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For $f\in C([0,1])$ set $$Hf(x) = \frac{1}{x}\int_0^x f(t)dt.$$ a) Show that $H$ is a bounded operator from $C([0,1])$ into itself which is not compact.

b) From a) it follows that $H$ induces a bounded linear map from $C([0,1])$ to $L^2([0,1])$. Is this map compact?

My try: a) $|H| \leq 1$ so it must be continuous and into $C([0,1])$. For the not compactness I need to find a sequence $(Hf_n(x))$ with no cauchy subsequences? Any hints would be great!

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How is $Hf(0)$ defined? – copper.hat Dec 12 '12 at 7:13
I'm sorry if this happens to be irrelevant to this particular question (I haven't done it myself). But the Ascoli-Arzela theorem is very useful when you're proving compactness of operators on $C([0,1])$. – Gyu Eun Lee Dec 12 '12 at 7:16
@copper.hat: That is not said in my exercise. Will it matter? anonymous. : Thanks! But will it help me now when I will prove not compactness and problably compactness in $L^2$? – Johan Dec 12 '12 at 7:38
Possibly. I've got no clue, I'm only really just getting into functional analysis myself. – Gyu Eun Lee Dec 12 '12 at 7:49
@copper.hat: By continuity, $Hf(0)$ has to be defined as $f(0)$. – 23rd Dec 12 '12 at 8:40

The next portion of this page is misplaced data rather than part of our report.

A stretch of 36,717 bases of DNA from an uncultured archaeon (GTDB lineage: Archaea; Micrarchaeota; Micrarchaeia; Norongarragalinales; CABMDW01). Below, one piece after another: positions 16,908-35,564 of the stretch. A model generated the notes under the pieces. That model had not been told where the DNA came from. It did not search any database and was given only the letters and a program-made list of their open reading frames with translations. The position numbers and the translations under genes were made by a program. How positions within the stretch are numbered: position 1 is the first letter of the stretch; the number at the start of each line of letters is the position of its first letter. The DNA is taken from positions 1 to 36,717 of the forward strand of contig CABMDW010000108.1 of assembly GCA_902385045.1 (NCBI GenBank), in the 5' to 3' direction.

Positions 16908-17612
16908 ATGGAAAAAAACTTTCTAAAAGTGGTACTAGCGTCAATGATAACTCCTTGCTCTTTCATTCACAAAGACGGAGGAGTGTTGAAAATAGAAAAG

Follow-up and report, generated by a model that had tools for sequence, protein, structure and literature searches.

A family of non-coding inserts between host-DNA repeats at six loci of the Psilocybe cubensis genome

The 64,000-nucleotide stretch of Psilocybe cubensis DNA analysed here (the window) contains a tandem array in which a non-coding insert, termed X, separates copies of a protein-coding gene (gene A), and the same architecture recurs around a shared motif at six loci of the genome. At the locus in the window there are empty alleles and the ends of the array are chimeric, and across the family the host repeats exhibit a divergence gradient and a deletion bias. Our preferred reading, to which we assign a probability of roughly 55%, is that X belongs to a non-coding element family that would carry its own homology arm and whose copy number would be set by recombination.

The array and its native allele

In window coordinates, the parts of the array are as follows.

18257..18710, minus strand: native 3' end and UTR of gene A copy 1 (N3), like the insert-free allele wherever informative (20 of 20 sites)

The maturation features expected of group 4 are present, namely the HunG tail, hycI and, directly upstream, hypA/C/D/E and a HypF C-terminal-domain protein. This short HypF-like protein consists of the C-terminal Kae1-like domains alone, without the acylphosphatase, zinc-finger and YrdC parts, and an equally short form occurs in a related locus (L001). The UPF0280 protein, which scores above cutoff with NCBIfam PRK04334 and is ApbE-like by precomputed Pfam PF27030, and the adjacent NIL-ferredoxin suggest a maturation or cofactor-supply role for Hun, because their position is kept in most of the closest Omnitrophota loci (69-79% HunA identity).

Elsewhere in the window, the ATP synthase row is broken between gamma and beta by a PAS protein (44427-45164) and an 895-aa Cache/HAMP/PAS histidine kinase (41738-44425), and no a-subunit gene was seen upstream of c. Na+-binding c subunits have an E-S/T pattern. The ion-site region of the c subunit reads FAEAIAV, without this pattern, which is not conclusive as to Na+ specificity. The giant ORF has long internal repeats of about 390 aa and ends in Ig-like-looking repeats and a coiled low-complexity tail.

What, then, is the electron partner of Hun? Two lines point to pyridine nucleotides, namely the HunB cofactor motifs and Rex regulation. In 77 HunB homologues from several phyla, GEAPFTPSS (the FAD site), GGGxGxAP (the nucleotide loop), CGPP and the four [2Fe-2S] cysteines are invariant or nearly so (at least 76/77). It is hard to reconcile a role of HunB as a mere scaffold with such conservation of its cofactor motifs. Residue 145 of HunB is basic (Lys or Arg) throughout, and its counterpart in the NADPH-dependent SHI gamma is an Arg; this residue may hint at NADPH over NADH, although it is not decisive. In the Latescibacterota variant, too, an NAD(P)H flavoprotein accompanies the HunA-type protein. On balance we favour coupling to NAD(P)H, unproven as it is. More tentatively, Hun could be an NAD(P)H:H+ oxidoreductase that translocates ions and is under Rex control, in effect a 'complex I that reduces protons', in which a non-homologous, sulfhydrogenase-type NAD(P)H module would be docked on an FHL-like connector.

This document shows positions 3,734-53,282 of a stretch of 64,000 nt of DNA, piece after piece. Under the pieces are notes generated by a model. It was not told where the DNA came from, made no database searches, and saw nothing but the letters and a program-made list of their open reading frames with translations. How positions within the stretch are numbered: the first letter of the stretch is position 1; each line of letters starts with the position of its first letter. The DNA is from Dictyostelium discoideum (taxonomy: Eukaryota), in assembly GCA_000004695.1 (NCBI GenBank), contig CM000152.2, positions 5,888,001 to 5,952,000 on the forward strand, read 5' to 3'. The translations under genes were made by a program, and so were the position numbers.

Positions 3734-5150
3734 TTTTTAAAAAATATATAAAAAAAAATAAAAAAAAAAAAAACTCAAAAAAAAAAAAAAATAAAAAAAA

up vote 7 down vote accepted

a) Let $$f_n(x)=\left\{\begin{array}{cl} 2^nx, & x\in[0,2^{-n}]\\1\ ,& x\in[1-2^{-n},1]\end{array}\right..$$ Then $f_n\in C([0,1])$ and $\|f_n\|_{C([0,1])}=1$. Denote $g_n=Hf_n$. Then

$$g_n(x)=\left\{\begin{array}{cl} 2^{n-1}x, & x\in[0,2^{-n}]\\1-2^{-n-1}x^{-1},& x\in[1-2^{-n},1]\end{array}\right..$$ Note that if $m<n$, then $g_m(2^{-n})=2^{m-n-1}\le\frac{1}{4}$, but $g_m(2^{-m})=\frac{1}{2}$, which implies that $(g_n)$ has no Cauchy subsequence.

b) $H:C([0,1])\to L^2([0,1])$ is compact. Let $(f_n)$ be a sequence in the closed unit ball of $C([0,1])$ and denote $g_n=Hf_n$. It suffices to show that $(g_n)$ has convergent subsequence in $L^2([0,1])$.

Denote $F_n(x)=\int_0^xf_n(t)dt$. Since $(f_n)$ is uniformly bounded, $(F_n)$ is uniformly bounded and equicontinous. Then by Arzelà–Ascoli theorem, $F_n$ has some subsequence convergent in $C([0,1])$. Without loss of generality, let us assume that $\lim_{n\to\infty}F_n=F$ in $C([0,1])$, and we only need to show that $g_n$ converges to $g(x)=F(x)/x$ in $L^2([0,1])$.

Note that $|F_n(x)|\le x$ for every $x\in[0,1]$, so $|F(x)|\le x$, $|g_n(x)|\le 1$ and $|g(x)|\le 1$. Then for every $\delta>0$, $$\int_0^1|g_n(x)-g(x)|^2dx= \int_0^\delta|g_n(x)-g(x)|^2dx+\int_\delta^1|g_n(x)-g(x)|^2dx$$ $$\le 4\delta+\delta^{-2}\int_\delta^1|F_n(x)-F(x)|^2dx.$$ First letting $n\to\infty$ and then letting $\delta\to 0$, the conclusion follows.

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Great, why if $(F_n)$ equicontinuous? – Johan Dec 12 '12 at 9:44
@Johan: It is because $|f_n|\le 1$ implies $|F_n(x)-F_n(y)|\le|x-y|$. – 23rd Dec 12 '12 at 9:46
Thanks and why can we take the n limit before the $\delta$ – Johan Dec 12 '12 at 9:58
@Johan: $\delta$ and $n$ are independent of each other. If you are not familiar with this trick, you may use the definition of limit and $\epsilon-\delta/\epsilon-N$ language to fill in the details. – 23rd Dec 12 '12 at 10:01
That seems reasonable, you know anywhere there is a proof of that? – Johan Dec 12 '12 at 10:22

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